2 CenterStage is a black-box theater that provides flexibility for various events as it has 200 movable seats, movable balconies, and a flexible lift (Williams Rawn Associates).

4 33

Adam’s Memorial Theater has a “combination of a thrust and proscenium stage” which allows for flexibility for performances but also provides an intimate experience as the audience can be seated on three sides of the theater (Williams Rawn Associates). SOURCE: “‘62 Center for Theatre and Dance.” Williams Rawn Associates. Williams Rawn Associates, Architects, Inc., Boston, MA. Web. 08 Nov. 2011. <http://www.rawnarch.com/pdf/Williams-Collge-62-Center-for-Theatre-and-Dance.pdf> IMAGES: “‘62 Center for Theatre and Dance.” Williams Rawn Associates. Williams Rawn Associates, Architects, Inc., Boston, MA. Web. 08 Nov. 2011. <http://www.rawnarch.com/pdf/Williams-Collge-62-Center-for-Theatre-and-Dance.pdf>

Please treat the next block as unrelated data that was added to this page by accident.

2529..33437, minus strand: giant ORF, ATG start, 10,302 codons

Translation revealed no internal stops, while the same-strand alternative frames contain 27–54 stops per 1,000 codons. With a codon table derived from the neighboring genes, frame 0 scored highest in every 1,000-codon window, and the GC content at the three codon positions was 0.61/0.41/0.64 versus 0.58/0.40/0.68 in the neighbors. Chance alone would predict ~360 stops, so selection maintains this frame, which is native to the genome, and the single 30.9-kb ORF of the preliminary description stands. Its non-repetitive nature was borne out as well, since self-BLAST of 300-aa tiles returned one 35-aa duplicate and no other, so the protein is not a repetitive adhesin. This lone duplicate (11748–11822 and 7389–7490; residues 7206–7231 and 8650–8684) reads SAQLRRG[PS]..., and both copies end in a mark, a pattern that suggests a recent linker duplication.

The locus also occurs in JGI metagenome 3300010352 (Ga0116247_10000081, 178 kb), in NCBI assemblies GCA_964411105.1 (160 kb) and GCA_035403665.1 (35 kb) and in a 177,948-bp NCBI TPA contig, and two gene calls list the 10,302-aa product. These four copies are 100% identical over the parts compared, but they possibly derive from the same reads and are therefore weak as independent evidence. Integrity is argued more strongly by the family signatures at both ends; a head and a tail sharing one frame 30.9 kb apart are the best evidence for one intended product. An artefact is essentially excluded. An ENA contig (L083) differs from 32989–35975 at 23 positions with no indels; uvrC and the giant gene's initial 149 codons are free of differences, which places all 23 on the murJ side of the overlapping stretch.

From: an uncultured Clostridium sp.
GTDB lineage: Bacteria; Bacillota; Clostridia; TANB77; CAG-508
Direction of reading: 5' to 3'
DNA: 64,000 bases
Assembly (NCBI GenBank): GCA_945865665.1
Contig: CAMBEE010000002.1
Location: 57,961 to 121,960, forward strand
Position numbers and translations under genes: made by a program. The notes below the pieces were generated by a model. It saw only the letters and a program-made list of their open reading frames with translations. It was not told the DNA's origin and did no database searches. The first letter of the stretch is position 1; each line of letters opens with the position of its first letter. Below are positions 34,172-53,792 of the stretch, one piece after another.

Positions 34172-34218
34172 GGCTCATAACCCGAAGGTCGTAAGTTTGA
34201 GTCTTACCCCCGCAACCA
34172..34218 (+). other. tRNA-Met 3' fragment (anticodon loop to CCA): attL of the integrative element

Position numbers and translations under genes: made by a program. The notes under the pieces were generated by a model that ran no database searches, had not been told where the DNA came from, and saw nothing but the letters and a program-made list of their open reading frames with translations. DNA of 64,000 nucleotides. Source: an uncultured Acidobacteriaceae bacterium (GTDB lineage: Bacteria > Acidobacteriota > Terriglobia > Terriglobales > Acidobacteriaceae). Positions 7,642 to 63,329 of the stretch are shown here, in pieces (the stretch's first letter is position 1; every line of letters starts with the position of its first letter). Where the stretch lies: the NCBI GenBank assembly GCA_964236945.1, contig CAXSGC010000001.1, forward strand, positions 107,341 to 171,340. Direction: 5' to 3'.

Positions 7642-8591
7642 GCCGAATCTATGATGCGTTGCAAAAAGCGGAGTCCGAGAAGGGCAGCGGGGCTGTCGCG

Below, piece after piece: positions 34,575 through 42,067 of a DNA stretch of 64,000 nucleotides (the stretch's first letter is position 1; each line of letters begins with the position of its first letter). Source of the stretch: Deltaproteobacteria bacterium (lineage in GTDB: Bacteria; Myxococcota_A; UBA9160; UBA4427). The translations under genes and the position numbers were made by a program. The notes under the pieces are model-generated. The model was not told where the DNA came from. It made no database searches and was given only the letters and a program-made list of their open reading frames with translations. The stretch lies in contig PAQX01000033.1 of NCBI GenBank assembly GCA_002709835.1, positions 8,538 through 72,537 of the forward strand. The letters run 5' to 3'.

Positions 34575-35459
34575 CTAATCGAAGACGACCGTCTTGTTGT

10. Dance Studio 11. Acting/Dance Studio 12. Locker Room

LEVEL TWO.

10

12

11

8

10 The Dance Studio is a dynamic space as three walls of the space are glass which provide gorgeous views to its surroundings (Williams Rawn Associates). Although the space is primarily used for dance rehearsal it is also used for special performances and music recitals (Williams Rawn Associates).

2

3

1

SOURCE: “‘62 Center for Theatre and Dance.” Williams Rawn Associates. Williams Rawn Associates, Architects, Inc., Boston, MA. Web. 08 Nov. 2011. <http://www.rawnarch.com/pdf/Williams-Collge-62-Center-for-Theatre-and-Dance.pdf> IMAGES: “‘62 Center for Theatre and Dance.” Williams Rawn Associates. Williams Rawn Associates, Architects, Inc., Boston, MA. Web. 08 Nov. 2011. <http://www.rawnarch.com/pdf/Williams-Collge-62-Center-for-Theatre-and-Dance.pdf>


ANNOTATED BIBLIOGRAPHY